American Consequences - June 2019

WHAT COULD POSSIBLY GO WRONG?

Financial hopes and dreams in the making

Mexico is a leading exporter of oil to the U.S. while also being a leading importer of U.S. gasoline. If U.S. gas exports decrease due to a trade war, that excess supply could drive gas prices down even more.

It’s all downhill from here...

According to travel group AAA, we’ve probably already seen the highest gas prices of the year. In a June 5 report, AAA said that the recent declines in oil prices would mean $0.10 less per gallon on average, versus last year. At the time of the report, the national average for regular unleaded gasoline was $2.79 a gallon... That’s down from $2.89 in May, and $2.94 a year ago. That’s because crude oil prices are roughly $13-$20 cheaper than last summer... Futures prices for West Texas Intermediate crude (WTI) – the U.S. benchmark – were $51.68 a barrel. That’s the lowest price since January, according to Dow Jones Market Data. With prices down 22% from their most recent high in April, the dip marked WTI’s fall into a bear market. AAA also warned that trade tensions with Mexico could have an impact... but in a good way.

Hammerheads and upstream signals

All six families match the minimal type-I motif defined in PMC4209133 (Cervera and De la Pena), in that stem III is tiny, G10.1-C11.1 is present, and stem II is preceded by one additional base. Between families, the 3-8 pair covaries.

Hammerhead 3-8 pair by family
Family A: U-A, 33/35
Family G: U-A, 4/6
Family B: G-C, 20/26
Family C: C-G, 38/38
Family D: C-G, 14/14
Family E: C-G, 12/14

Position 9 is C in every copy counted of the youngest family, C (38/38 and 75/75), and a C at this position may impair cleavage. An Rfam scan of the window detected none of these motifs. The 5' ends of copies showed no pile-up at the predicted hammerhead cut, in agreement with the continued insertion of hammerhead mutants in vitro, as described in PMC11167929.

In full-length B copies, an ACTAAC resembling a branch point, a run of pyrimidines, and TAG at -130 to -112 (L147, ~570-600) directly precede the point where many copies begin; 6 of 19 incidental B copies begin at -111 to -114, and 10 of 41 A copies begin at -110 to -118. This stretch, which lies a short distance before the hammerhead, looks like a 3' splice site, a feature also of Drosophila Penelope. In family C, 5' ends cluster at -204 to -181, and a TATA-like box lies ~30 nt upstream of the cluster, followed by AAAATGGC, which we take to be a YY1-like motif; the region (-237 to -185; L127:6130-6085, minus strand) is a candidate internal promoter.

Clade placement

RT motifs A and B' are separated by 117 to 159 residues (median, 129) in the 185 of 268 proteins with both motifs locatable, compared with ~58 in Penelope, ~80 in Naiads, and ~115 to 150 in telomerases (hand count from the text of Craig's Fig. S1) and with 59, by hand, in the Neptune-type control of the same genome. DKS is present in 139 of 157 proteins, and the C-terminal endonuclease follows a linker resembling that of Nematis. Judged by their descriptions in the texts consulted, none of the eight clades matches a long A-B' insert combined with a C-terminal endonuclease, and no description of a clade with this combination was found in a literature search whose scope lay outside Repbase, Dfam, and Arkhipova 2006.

Mortgages hit a 2-year low...

This month, the average interest rate for 30- year fixed-rate mortgages fell to 4.23% from 4.33%, the lowest level since January 2018. In response, many homeowners are rushing to refinance their mortgages, but the low borrowing costs aren’t exciting new and first- time buyers. Despite mortgage refinance activity increasing from 39% to 42% of total applications, new home mortgage applications fell about 2%... only 0.5% higher than a year ago. The Mortgage Bankers Association (MBA) attributes this disparity to higher home prices and a shortage of entry-level homes. For many buyers, the housing prices aren’t worth the lower mortgage rates...

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June 2019

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